The Editor’s Choice for the next issue of Journal of Ecology is “An ideal free distribution explains the root production of plants that do not engage in a tragedy of the commons game” by McNickle and Brown. Read the below commentary on the paper written by Journal of Ecology Editor Mark Rees. Author Gordon McNickle has also provided some photos, which are at the bottom of this post. The next issue of the Journal will be online very soon.
Blissful indifference or escalation?
Imagine you’re in a dark room and there are diamonds on the floor, some areas have lots of diamonds so you search them carefully, whereas others have few and so you briefly search there. You wander around collecting the diamonds and smugly smiling to yourself, then you realise there is someone else in the room and they’re stealing “your” diamonds! What do you do? You could just do as before, ignore the presence of the other person, and providing they do the same end up with roughly ½ the diamonds or you could start searching frantically trying to increase your share. This is exactly the dilemma plants face when foraging for resources underground.
Let’s assume you start searching more quickly, so you increase your share of the diamonds. Soon your competitor realises what you’ve done and so they search more quickly themselves. At this point you’re both searching more quickly and so you both end up with ~½ the diamonds. You escalate again, now you’re running around frantically searching, your competitor responds in kind, so you’re both running around like ants under a magnifying glass on a hot summer’s day. Bang! Your competitor runs into a wall and passes out losing all their diamonds, a smug grin crosses your face again and is promptly wiped off as you too run into a wall, pass out and lose all your diamonds. So at each escalation you’re spending more energy searching and getting the same return, or ultimately no return at all. This process is called “The Tragedy of the Commons” and was proposed by Hardin as a way of explaining why common land is often overgrazed, and similarly why fisheries are often overfished.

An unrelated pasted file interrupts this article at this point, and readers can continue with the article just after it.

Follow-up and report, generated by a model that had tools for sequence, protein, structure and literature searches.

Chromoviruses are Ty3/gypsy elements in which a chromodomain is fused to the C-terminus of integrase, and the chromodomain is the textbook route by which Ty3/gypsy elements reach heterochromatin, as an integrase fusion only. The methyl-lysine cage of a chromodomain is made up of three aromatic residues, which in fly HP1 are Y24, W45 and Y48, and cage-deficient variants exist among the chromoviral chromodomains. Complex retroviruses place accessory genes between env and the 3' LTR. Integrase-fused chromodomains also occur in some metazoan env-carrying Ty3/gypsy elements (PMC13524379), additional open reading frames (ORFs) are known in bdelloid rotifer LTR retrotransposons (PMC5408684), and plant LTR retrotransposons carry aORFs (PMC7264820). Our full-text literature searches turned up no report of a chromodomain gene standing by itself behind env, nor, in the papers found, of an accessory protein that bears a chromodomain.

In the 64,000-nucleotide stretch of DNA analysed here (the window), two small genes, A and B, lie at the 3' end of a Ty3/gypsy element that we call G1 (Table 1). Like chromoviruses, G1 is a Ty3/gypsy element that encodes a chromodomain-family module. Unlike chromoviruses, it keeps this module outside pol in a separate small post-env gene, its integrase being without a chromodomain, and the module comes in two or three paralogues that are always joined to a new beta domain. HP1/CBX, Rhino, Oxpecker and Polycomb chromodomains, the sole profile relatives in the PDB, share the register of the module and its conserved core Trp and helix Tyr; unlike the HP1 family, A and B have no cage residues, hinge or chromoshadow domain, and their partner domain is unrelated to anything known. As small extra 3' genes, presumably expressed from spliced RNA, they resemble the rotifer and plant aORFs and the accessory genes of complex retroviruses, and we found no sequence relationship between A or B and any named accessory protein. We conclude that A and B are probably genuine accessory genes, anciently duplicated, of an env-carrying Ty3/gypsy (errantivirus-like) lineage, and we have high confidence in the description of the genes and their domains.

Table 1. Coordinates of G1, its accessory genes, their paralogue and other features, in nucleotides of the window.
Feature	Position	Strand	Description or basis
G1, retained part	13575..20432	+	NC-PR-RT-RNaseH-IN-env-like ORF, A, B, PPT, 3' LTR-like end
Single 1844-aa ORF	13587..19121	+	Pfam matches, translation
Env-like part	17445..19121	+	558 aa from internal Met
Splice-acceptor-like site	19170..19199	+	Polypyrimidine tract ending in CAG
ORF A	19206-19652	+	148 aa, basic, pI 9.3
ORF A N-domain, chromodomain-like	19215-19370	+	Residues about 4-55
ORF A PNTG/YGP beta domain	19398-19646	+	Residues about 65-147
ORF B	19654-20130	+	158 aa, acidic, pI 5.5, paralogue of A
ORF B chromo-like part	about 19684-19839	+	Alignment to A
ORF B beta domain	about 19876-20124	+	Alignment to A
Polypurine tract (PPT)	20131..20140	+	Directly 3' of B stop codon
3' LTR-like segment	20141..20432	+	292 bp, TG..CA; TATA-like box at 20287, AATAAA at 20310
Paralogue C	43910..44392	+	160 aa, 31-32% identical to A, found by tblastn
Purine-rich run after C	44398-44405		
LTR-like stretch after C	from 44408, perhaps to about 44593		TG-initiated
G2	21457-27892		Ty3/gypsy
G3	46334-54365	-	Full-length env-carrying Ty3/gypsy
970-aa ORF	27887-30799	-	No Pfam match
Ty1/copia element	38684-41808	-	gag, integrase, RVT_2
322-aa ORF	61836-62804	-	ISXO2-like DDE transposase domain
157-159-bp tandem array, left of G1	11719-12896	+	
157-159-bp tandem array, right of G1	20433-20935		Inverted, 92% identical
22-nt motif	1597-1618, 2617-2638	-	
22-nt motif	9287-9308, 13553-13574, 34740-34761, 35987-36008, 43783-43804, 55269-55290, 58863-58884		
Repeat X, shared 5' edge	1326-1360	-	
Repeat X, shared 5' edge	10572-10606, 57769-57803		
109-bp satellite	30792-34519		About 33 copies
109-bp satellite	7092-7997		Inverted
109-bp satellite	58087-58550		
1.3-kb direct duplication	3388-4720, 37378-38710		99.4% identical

So what do plants do when competing for soil resources? This is the question posed by McNickle and Brown (2014) in this issue’s Editor’s Choice. It turns out that distinguishing between sensibly searching so that your returns from different areas per searching effort are equal (the idea free distribution) and escalating is much more difficult than you might expect. Using a combination of mathematical modelling and experiments with carefully chosen controls, McNickle and Brown (2014) show how to distinguish between these alternatives. They then go on test their ideas experimentally finding that Brassica rapa forages according to - well that would be telling, you’re going to have to go read it yourself.
Editor, Journal of Ecology